It’s been 4 days since I updated this blog. So, what’s been going on that’s kept me so busy? Actually, most time that I don’t update the blog it has less to do with being busy than it has to do with not having anything blog-worthy to write about. However, if I wait few days, while I still may not have anything particularly interesting to say, at least I’ll have more of it
Restaurant customer #1: “Geez! The food here is just awful!”
Restaurant customer #2: “Yeah, and such small servings.”
So, last time I wrote I was suspended between a mooring ball and my secondary anchor, and my transmission, although back on board with a new seal, had not yet been installed. That was early in the morning on Friday, January 21st.
Friday, January 21st: It took me the better part of the middle of the day but I eventually got the transmission reinstalled and tested. The only place I feared a leak, did, indeed, leak. The transmission bolts directly to the bell housing on the engine. There is no gasket between these surfaces. They are machined faces that, I guess, are just supposed to mate together seamlessly. Well, okay, but…
Against my better judgement, I put the transmission back together without making any kind of gasket. If that’s the way Westerbeke thinks it should be done, who am I to question it? I was having a bit of a time trying to get the driven shaft in the transmission mated up with the engine so that the whole thing would slide together. I had the two faces close enough to get the 10 bolts started so I figured I’d just use those to pull the two together. Things were going okay until I was almost done and then the gears bound up so that I couldn’t turn the shaft in neutral, nor could I operate the Fwd-N-Rev lever. So, I backed the bolts out and decided to try again. At this point I’m thinking, “y’know, if I have to remove the transmission again anyway, why don’t I just put a bead of Permatex Form-A-Gasket on the face? Just in case”. I even happened to actually have some Permatex on board. But, as I was pulling the transmission back, something kind of clicked into place. I then tried sliding it forward towards the engine and it slid all the way home slicker’n snot. If you’ve ever installed an air-cooled VW engine onto it’s transaxle, you know the feeling. You fight with it and fight with it and then suddenly, for no really apparent reason, it just slides home with barely a push. Such a nice feeling. And, if you think that I’m going to take the transmission back off after that, just to put some goop on that is, after all, optional, think again, mister.
So, I got her back together and all bolted up. Before connecting the prop shaft back up, I fired up the engine and let her run awhile. Tried shifting from neutral to forward to neutral to reverse to neutral, etc. Everything was going fine. Didn’t see any oil getting past the new seal, either. Shut her down and reconnected the prop shaft. Now I know I’m supposed to go through a whole alignment procedure when I do this but I didn’t. The first reason was that I hadn’t moved the engine a single micron and, since things seemed to be aligned just fine before (I assumed), they’re probably equally well-aligned now. I know it’s not great reasoning but still, that’s what I told myself. The second reason I didn’t do the alignment is that I have what’s called a “shaft saver” between my transmission flange and my propshaft flange. This is simply a non-metallic (rubber or something very much like it) donut that’s designed to a.) reduce some of the vibration, and b.) shear apart in case something stops the prop. In this capacity it’s kind of like a fuse. It sacrifices it’s life to save your engine and transmission. The reason this makes it hard to do an alignment is that, during the alignment you have to remove the shaft saver. If I do that, I can’t bring my propshaft forward far enough to meet the transmission so that I can check the alignment of the flanges. What you’re supposed to do in this case is have a special metal insert that replaces the shaft saver during alignments. I don’t have one. How about just doing the alignment with the shaft saver in place? Well, first, that would be wrong. But wrongness aside, since the first step in the alignment is to lay a straight edge across the edges of the transmission flange and the propshaft flange to check for bore alignment, both flanges must be exactly the same diameter. Unfortunately for me, my shaft saver is bigger around than either of them and sits smack dab between ’em. So, can you see why I skipped the alignment step and banked on “everything being OK now because it was before”?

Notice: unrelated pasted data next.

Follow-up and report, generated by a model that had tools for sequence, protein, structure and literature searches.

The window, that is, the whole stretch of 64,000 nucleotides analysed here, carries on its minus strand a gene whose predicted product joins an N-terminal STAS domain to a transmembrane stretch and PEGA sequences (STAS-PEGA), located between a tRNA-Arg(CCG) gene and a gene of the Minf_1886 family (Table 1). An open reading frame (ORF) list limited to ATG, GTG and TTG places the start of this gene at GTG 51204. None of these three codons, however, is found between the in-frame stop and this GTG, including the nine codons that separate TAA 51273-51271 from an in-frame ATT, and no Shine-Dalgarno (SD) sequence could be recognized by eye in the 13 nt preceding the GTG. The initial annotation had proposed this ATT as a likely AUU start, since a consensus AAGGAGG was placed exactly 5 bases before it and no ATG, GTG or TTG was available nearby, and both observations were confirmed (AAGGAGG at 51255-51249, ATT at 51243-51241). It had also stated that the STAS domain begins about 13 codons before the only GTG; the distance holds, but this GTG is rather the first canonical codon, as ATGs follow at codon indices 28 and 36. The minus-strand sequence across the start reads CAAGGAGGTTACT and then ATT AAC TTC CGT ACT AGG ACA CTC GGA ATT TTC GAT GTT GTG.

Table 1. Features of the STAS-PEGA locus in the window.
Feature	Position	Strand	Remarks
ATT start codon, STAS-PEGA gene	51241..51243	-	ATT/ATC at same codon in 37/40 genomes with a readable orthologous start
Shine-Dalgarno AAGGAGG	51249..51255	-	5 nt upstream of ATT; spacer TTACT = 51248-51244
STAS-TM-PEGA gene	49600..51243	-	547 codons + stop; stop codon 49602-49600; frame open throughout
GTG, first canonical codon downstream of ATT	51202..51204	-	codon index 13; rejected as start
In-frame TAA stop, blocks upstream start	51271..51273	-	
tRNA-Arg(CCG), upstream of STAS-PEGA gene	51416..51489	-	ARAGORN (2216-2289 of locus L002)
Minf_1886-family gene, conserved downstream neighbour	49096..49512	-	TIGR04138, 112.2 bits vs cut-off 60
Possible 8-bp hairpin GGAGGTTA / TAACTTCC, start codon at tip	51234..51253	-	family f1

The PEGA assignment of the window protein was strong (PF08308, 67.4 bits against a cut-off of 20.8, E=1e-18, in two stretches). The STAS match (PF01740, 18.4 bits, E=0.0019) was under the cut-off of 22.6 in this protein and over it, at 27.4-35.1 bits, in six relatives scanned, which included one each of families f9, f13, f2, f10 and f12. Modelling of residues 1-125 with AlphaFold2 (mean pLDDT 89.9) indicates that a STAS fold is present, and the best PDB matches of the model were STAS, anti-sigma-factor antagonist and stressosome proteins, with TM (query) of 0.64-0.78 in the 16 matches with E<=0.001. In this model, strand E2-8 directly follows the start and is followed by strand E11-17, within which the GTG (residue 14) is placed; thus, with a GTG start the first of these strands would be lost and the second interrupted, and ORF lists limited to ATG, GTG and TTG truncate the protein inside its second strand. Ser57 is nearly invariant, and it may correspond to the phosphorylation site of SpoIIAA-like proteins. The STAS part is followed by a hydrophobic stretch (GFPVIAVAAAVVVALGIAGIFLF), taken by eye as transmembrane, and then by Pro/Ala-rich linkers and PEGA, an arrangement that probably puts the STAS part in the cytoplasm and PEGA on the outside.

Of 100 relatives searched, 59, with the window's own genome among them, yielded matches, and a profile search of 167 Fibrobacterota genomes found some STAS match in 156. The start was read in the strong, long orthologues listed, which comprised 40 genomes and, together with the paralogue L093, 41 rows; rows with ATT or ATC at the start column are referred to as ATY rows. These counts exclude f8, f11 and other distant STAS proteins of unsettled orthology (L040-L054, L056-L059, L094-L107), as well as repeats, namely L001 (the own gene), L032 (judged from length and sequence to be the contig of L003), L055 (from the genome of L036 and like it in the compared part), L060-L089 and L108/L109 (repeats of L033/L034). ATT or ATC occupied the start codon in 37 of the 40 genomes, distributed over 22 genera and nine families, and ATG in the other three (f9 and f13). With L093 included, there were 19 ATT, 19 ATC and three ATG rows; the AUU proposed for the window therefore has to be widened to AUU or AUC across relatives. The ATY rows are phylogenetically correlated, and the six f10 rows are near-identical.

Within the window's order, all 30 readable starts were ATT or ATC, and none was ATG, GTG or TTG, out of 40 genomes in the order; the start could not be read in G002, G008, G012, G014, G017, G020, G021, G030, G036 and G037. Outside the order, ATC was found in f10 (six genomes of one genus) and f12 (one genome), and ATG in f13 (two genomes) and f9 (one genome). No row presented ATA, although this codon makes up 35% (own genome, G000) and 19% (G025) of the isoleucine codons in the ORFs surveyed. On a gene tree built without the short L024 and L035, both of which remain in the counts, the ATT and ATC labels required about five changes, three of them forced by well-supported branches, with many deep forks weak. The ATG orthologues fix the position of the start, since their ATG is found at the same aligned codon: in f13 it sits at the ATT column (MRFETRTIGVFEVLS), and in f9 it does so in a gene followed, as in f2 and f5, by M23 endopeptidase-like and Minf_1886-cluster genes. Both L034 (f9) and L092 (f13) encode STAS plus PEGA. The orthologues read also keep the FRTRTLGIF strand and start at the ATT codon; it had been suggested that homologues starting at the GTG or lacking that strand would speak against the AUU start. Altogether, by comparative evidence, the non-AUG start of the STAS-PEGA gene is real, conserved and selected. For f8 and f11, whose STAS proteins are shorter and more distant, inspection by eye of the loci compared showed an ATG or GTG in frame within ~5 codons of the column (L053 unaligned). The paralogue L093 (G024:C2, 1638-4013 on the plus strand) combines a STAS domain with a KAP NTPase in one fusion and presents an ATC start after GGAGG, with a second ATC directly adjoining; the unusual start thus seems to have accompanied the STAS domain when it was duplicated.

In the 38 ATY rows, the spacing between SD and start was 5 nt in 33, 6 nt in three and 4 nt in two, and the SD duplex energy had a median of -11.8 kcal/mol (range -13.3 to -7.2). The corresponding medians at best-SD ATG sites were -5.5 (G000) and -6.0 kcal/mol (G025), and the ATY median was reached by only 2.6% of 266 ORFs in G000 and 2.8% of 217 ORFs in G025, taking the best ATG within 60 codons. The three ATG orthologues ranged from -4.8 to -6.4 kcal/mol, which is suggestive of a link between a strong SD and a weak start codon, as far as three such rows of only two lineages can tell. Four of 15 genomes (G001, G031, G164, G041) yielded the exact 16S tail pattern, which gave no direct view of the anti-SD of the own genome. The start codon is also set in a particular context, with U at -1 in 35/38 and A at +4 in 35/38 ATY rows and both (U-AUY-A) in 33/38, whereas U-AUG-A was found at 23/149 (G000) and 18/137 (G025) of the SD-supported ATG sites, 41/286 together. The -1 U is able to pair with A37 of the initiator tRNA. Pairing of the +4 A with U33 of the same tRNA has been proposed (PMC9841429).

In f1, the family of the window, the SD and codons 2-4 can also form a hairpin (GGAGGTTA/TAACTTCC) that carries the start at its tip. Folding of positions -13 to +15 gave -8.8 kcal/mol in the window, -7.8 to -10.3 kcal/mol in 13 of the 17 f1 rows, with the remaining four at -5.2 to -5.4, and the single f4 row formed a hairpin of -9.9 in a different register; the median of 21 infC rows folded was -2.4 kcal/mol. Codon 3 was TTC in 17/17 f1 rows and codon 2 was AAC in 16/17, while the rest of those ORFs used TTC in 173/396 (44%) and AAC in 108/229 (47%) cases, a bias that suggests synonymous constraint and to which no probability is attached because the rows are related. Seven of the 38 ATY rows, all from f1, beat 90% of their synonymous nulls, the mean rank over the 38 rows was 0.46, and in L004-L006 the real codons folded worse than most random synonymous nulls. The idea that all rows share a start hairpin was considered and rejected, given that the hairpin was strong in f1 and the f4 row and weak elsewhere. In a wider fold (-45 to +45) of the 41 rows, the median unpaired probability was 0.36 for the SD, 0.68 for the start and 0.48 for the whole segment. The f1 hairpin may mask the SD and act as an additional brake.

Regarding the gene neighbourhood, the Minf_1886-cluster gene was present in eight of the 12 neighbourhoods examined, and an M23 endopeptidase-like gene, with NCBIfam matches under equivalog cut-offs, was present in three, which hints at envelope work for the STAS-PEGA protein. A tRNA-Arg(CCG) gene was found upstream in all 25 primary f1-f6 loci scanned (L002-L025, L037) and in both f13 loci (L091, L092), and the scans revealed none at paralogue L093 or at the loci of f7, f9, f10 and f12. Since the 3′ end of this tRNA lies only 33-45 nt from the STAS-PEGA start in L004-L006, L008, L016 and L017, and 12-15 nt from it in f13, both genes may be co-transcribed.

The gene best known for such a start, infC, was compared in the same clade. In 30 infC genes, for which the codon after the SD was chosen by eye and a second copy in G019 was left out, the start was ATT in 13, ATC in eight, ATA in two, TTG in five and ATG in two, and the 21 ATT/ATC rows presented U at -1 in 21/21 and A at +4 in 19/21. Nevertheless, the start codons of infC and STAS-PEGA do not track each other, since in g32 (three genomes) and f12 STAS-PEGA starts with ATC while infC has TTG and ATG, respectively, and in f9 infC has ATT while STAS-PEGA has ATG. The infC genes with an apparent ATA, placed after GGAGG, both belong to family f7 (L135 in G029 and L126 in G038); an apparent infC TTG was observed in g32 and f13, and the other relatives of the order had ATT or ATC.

After I shut the engine down, I felt under the transmission to see if the seam between the tranny and the bell housing was leaking. Yes, it was definitely oily down there. Crappage!
Although I need to get over to town and find some new fine-threaded coupling bolts, for now I just reattached the shaft coupling flange using the old bolts, including the one I boogered up with the chisel. By now it was getting on towards evening so I knocked off.
Oh, and by the way, while running the engine I found that my raw water pump is leaking. It has 2 seals, one to keep the sea water from leaking out of the volute and another to keep lube oil from leaking out past the shaft. There’s an air gap between so that, should the water seal leak, the water will just drain into the bilge rather than possibly getting past the oil seal and, thence, into the engine. I plan to buy a replacement water pump and then rebuild this one as a spare. Any guesses what the water pump is going to run? Anyone? How about in excess of US$525.00. And that’s in the States and w/o shipping. No telling what it’s going to set us back here. But, replacing the engine would be in excess of US$8000.00, so I guess this has to be looked at as insurance. Not cheap insurance, but insurance nevertheless.
Saturday, January 22: First item of business today was to move the boat off the mooring ball and get her back on the Rocna anchor again. I must say that the Bruce anchor with it’s 50′ of 3/8″ chain and 40′ of 5/8″ nylon rode held the boat in position tenaciously. But, I’ll still feel better back on the Rocna with all chain.